Pop Quiz on Dangerous Driving

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It is almost time for a new school year to begin, so I’m feeling in the mood for a pop quiz.

What driver behavior is associated with the most vehicle crashes in North Carolina?

  1. Speeding
  2. Driver Distraction
  3. Alcohol Consumption

 

What driver behavior is associated with the most injuries resulting from vehicle crashes in North Carolina?

  1. Speeding
  2. Driver Distraction
  3. Alcohol Consumption

 

What driver behavior is associated with the most vehicle crash fatalities in North Carolina?

  1. Speeding
  2. Driver Distraction
  3. Alcohol Consumption

The answer to all three questions is 1. Speeding.

The NC DOT publishes traffic crash facts for the state every year. The latest report, based on 2014 data, is available here.

And the dangers associated with speeding couldn’t be more clear.

More than 33 percent of the more than 200,000 crashes in 2014 were related to vehicle speed.  Thirty-six percent of the 1,181 fatal crashes were related to vehicle speed as were 57 percent of the more than 70,000 injury crashes.

By way of comparison, alcohol was involved in 5 percent of all crashes, 31 percent of fatal crashes, and 11 percent of injury crashes. Driver distraction was involved in 22 percent of all crashes, 13 percent of fatal crashes, and 38 percent of injury crashes. (NC DOT cautions that the driver distraction numbers may not reflect the severity of the issue since driver distraction is a “self-reporting contributing circumstance.”)

The data related to crashes involving teenagers (regardless of the age of the driver) paints an even starker picture of the risks of speeding. Speed is a factor in 31 percent of crashes involving teenagers and 65 percent of teen fatalities. Alcohol, in contrast, is involved in 3 percent of such crashes and 20 percent of fatalities.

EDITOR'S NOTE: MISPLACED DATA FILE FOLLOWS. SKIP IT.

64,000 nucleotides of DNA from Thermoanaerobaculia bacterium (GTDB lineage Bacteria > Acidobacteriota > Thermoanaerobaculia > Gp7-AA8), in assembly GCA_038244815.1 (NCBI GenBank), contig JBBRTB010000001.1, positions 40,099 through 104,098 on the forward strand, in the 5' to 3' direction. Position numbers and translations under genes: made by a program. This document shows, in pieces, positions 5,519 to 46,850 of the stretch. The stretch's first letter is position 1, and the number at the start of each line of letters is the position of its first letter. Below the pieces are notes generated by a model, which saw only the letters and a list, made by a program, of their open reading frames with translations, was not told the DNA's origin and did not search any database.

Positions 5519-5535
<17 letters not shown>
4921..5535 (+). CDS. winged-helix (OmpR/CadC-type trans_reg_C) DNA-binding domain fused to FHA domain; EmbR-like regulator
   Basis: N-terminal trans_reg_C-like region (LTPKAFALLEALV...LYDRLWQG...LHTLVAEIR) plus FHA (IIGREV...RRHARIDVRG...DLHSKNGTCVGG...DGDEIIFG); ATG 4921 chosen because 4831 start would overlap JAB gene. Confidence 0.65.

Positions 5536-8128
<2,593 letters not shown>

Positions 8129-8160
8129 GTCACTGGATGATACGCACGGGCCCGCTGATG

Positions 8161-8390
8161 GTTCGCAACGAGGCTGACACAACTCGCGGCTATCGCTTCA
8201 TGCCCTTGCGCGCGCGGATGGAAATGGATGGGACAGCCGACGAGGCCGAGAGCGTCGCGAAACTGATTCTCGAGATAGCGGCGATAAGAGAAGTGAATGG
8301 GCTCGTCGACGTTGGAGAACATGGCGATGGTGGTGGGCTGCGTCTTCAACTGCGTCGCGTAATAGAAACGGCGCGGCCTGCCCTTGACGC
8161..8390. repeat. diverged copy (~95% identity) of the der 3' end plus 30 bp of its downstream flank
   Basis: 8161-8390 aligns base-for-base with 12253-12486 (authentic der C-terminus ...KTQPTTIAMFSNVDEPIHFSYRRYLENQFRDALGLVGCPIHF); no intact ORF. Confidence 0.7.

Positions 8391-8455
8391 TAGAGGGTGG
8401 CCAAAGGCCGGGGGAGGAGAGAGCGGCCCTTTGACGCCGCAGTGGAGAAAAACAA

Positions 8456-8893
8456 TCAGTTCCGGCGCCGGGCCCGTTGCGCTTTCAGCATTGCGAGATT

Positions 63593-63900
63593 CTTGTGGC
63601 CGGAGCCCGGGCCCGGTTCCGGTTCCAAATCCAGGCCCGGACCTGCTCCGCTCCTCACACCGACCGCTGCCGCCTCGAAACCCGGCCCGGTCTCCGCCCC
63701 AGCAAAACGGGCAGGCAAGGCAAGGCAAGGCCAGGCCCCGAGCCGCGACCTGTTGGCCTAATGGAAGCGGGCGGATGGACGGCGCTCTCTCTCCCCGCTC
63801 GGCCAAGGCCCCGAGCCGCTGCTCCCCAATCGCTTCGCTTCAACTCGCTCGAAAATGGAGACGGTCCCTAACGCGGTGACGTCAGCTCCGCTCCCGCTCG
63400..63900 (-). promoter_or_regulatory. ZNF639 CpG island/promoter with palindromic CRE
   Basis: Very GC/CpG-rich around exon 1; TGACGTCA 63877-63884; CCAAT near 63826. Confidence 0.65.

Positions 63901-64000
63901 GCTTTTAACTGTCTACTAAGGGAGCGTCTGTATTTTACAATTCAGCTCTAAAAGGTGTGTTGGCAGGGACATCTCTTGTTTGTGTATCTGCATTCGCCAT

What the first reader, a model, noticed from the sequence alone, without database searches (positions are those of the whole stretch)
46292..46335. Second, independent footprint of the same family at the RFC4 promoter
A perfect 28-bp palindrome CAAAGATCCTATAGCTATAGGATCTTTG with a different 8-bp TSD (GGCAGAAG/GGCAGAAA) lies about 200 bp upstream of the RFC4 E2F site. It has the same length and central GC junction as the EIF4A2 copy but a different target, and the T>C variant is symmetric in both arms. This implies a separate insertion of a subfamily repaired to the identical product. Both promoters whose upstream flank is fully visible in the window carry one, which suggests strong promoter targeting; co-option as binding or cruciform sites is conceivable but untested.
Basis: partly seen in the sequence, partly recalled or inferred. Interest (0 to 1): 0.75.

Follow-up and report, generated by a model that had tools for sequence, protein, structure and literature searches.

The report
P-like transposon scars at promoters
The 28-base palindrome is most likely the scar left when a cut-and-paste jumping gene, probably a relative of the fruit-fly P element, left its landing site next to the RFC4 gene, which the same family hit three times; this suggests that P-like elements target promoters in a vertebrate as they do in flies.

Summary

National figures on vehicle fatalities for the same time period are similar, though a higher percentage of traffic fatalities nationally (36 percent) resulted from crashes involving alcohol-impaired drivers than speeding (28 percent).

Policy makers understandably spend a lot of time thinking about ways to reduce impaired driving and driver distraction. Should speeding (an offense classified as an infraction or as a Class 3 misdemeanor if the person is driving more than 15 miles per hour over the limit or more than 80 miles per hour) receive similar attention?

8 comments on “Pop Quiz on Dangerous Driving

  1. Far too simplistic IMO. You put a capable car and capable driver on a high-speed, quality road like the 540 loop from RTP to Holly Springs, or the 80mmph highway in TX from Austin to San Antonio and show me what percent of crashes under those circumstances fir your criteria. DOT says “speeding” is the #1 cause. Speeding…at night or day? Speeding….at rush hour or with low traffic volume? Speeding…….while looking at the radio? Eating a sandwich? Speeding……on bald tires or new Michelins?

    As you see, NCSHP or RPD can take out their little tool and mark the road and tell if a car was speeding at a crash scene. Those metrics DO NOT summarize potential other factors that may have been equal or more significant contributors. Incomplete reports?